National Fisherman

May 17, 2013 — The following is a summary of the finding of the Massachusetts Marine Fisheries Institute Workshop, "Incorporating Environmental Change in Assessments and Management", held May 7-8 at the University of Massachusetts Dartmouth School for Marine Science and Technology.

Scientists and fishermen from throughout New England contributed to a workshop aimed at identifying ways to account for environmental change in fishery science and management of New England groundfish. The workshop was hosted by The Massachusetts Marine Fisheries Institute as the first in a series that forms an end-to-end review of groundfish stock assessments and management. The workshop identified changes in the ocean environment that have occurred in the New England region, with consideration of future changes and effects on fish stocks. Considering case studies from New England and other regions, methods to account for environmental effects were reviewed as well as the information needed to apply such methods to New England groundfish assessments.

Profound changes in the regional marine environment were documented including:

- atmospheric patterns (e.g., recent reversal of the North Atlantic Oscillation),

- oceanography (e.g., extremely warm temperatures in 2012, recent indices of the Atlantic Multidecadal Oscillation are near record high, increased winter heat budget in the Gulf of Maine, acidification, fresher water on Georges Bank and saltier water in the deep basins of the Gulf of Maine, increasing stratification of the water column in the Gulf of Maine and on the Scotian Shelf),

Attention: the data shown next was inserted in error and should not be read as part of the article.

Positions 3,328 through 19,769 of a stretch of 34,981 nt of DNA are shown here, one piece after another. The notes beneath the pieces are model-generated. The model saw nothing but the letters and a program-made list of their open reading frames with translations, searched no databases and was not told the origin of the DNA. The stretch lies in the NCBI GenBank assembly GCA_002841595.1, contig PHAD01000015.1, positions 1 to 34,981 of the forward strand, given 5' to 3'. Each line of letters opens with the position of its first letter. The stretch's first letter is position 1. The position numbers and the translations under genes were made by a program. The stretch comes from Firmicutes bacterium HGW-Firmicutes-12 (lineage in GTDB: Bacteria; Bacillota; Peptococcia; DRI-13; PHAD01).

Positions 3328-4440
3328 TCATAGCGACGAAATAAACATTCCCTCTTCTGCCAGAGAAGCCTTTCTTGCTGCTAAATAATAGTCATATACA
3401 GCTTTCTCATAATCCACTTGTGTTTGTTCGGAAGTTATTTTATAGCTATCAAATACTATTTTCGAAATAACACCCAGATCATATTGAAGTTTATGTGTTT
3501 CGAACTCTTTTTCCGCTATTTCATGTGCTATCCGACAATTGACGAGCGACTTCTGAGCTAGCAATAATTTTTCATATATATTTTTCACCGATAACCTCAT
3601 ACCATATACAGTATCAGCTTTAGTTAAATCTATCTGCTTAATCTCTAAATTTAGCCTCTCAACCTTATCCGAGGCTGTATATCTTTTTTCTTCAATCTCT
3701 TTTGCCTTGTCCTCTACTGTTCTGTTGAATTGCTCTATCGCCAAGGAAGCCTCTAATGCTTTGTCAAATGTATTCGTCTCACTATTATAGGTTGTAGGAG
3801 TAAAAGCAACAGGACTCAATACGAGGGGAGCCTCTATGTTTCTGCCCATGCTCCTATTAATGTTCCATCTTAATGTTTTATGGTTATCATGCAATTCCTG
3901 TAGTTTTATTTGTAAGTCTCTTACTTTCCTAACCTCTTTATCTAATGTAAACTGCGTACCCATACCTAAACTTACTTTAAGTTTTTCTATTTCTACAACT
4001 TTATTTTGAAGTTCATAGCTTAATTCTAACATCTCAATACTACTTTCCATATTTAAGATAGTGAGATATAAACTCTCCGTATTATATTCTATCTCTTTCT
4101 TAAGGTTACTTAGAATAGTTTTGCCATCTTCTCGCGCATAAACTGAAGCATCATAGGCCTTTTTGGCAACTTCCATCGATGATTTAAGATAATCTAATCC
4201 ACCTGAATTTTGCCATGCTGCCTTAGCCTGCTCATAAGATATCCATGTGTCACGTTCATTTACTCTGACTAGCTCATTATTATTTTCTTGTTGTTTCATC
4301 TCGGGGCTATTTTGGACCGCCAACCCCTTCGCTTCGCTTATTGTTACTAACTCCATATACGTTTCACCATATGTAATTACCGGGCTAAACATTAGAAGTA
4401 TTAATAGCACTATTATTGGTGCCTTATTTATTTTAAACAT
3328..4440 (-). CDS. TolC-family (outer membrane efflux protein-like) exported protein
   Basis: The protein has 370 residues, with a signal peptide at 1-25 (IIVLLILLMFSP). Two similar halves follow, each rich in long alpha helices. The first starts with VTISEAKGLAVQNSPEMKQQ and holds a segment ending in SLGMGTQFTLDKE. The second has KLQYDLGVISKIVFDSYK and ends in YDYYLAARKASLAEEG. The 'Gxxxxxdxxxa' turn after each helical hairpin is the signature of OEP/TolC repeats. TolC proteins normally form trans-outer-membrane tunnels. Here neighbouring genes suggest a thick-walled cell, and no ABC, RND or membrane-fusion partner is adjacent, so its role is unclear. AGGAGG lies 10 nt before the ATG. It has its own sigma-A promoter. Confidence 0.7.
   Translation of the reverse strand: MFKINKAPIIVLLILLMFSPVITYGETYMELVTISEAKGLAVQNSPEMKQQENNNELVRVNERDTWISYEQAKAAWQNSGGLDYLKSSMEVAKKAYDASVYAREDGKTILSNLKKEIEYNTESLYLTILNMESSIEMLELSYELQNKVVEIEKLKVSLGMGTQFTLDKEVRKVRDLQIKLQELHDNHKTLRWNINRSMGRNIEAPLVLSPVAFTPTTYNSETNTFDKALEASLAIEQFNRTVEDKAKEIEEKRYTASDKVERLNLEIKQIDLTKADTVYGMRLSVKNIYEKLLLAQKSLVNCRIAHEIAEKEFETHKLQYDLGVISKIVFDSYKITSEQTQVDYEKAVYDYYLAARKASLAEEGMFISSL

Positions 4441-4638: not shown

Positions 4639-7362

- and ecology (e.g., increased productivity of phytoplankton, declining zooplankton biomass, shifts in zooplankton species composition and smaller size distribution, habitat degradation and increases in many important predator populations).

Many of the recently observed changes in the marine ecosystem are expected to continue.

Read the full story at Saving Seafood>>

Inside the Industry

NMFS recently released a draft action plan for fish discard and release mortality science, creating a list of actions that they hope can better inform fisheries.

We know that fishermen have to deal with bycatch by discarding or releasing unwanted catch overboard, but there is a data gap regarding how those fish survive.


A new study has identified a set of features common to all ocean ecosystems that provide a visual diagnosis of the health of the underwater environment coastal communities rely on.

Together, the features detail cumulative effects of threats -- such as overfishing, pollution, and invasive species,  allowing responders to act faster to increase ocean resiliency and sustainability.

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